Institutions, Recessions and Recovery in the Transitional Economies

By Hodgson, Geoffrey M. | Journal of Economic Issues, December 2006 | Go to article overview
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Institutions, Recessions and Recovery in the Transitional Economies


Hodgson, Geoffrey M., Journal of Economic Issues


In the early 1990s, after the collapse of the Berlin Wall and the break-up of the Soviet Union, many economists argued that the post-communist countries could rapidly develop a capitalist and market system. (1) Some held the market order would rapidly germinate and grow once the old state bureaucracies were swept away. As the influential Western advisor Jeffrey Sachs (1993, xxi) contended: "markets spring up as soon as central planning bureaucrats vacate the field."

In fact, markets did not spring up spontaneously; capital markets, in particular, were slow to develop. As Ronald Coase (1992, 718) observed: "The ex-communist countries are advised to move to a market economy ... but without the appropriate institutions, no market of any significance is possible." From an institutionalist perspective, markets are not the universal physical ether of economic existence, but social institutions that depend upon the evolution of detailed rules and norms (Hodgson 1988; 2001; Vanberg 2001). In the former communist countries, the requisite commercial rules, norms and institutions were scarce (Clague 1997; Kozul-Wright and Rayment 1997; Grabher and Stark 1997).

More than a decade and a half after the fall of the Berlin Wall, there is now plentiful evidence to consider in explaining the differences in performance in the transitional or post-communist countries of the former Soviet Bloc. All these countries experienced severe or extreme recessions in the 1990s, followed by a subsequent recovery. Jan Svejnar's (2002) survey showed that only Poland and Slovenia had significantly exceeded their 1989 GDP by the year 2000. Hungary, Slovakia and the Czech Republic just about matched their 1989 GDP after 11 years. Other former Eastern Bloc countries were still well below their 1989 GDP levels as late as 2001, with Russia about 40 percent lower and the Ukraine about 60 percent lower. Nauro Campos and Fabrizio Coricelli (2002) reported similar results. (2)

This article updates these earlier studies and attempts to identify the principal underlying factors that account for overall post-1989 economic growth in the transitional economies. Priority is given to institutional factors rather than standard macroeconomic variables. The sections below respectively present the relevant growth data, consider a number of hypotheses that might account for these growth outcomes, report the econometric results, discuss their significance, and offer some deeper explanations. The concluding section highlights the importance of effective national institutions, enforcing non-discriminatory rules and overcoming the negative economic legacy of ethnic and other divisions.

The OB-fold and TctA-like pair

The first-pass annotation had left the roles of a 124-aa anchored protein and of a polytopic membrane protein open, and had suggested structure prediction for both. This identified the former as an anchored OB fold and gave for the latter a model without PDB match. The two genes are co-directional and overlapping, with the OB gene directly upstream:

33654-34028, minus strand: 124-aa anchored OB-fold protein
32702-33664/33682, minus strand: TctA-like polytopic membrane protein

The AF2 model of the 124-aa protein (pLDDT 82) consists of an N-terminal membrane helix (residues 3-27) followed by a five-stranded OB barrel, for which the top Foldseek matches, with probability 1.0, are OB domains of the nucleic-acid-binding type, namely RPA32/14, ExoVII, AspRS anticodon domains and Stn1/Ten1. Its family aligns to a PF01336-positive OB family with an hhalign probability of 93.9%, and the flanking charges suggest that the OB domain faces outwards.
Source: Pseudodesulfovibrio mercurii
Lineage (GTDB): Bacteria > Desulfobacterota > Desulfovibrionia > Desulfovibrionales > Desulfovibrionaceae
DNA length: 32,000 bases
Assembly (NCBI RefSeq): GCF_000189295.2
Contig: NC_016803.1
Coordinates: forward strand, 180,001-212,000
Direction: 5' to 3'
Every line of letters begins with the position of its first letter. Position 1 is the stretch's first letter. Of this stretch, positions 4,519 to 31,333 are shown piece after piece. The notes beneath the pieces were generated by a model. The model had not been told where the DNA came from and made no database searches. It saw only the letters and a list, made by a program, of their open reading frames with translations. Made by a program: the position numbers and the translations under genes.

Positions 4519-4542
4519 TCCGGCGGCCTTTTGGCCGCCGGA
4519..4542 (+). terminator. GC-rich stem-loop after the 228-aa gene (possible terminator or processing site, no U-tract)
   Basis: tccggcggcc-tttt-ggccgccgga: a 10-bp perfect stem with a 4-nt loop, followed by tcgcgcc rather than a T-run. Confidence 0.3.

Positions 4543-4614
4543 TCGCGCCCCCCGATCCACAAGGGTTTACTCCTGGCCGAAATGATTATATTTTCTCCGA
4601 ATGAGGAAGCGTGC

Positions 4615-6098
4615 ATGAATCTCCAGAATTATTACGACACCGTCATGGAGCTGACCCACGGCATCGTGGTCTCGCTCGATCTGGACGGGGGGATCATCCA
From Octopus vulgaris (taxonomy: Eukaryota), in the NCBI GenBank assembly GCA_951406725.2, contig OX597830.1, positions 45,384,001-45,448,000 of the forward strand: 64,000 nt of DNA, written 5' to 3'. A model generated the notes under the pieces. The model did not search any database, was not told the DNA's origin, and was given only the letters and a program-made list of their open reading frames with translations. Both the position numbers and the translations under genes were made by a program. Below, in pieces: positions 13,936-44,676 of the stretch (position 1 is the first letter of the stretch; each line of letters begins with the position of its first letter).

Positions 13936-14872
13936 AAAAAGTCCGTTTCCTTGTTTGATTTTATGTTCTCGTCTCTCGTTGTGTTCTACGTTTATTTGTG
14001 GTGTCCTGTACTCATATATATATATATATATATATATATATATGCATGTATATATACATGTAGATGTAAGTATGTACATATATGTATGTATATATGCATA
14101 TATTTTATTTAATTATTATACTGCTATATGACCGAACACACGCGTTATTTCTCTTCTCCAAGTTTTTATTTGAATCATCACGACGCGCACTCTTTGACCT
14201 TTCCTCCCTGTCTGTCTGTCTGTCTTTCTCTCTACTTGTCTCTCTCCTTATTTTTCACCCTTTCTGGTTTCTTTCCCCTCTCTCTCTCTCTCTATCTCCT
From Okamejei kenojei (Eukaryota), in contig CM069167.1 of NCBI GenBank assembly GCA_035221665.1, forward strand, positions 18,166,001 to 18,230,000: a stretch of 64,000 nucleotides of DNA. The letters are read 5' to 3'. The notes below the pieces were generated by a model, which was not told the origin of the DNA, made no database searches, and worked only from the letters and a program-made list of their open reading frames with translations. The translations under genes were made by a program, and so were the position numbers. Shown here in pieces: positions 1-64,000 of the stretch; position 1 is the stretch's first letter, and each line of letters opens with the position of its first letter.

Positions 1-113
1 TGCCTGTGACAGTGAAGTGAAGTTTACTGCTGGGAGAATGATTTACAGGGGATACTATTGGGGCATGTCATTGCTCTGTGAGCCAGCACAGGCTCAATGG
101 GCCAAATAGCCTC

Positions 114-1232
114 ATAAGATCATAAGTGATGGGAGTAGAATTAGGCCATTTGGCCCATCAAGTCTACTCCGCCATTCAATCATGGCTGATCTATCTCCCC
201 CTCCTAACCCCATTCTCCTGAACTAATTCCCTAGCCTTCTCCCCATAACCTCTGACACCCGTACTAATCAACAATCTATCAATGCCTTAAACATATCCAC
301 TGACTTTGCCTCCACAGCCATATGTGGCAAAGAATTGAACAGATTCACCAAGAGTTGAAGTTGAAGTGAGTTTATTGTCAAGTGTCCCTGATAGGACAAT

Data

The statistical analysis here focuses on the growth in GDP and on absolute levels of GDP per capita. Of course, it should not be assumed that GDP is an accurate measure of welfare or well-being. Official GDP figures may also be inaccurate, particularly in assessing the size of undeclared revenues and the illegal economy.

The data cover 27 former communist countries, including nineteen in Europe and eight in Central Asia. (3) Seven of these countries--Estonia, Hungary, Latvia, Lithuania, Poland, Slovakia, and Slovenia--joined the European Union (EU) in 2004. Some key indicators are shown in Table 1, which shows a very mixed picture. Fourteen of these former communist countries have experienced negative overall growth in the sixteen-year period. On the other hand, nine have achieved an average 1989-2005 GDP growth rate of over one percent, and in Poland and Albania growth has exceeded two percent. Taking the 1989-2005 period as a whole, only nine countries can claim a modestly successful overall growth rate. The remaining countries have experienced stagnation or decline.

Moreover, two of the more rapidly growing countries--Albania and Turkmenistan--are extremely poor compared with the more developed European countries. Their levels of GDP per capita are instead comparable to developing economies such as Algeria, Guatemala, Namibia and Thailand.

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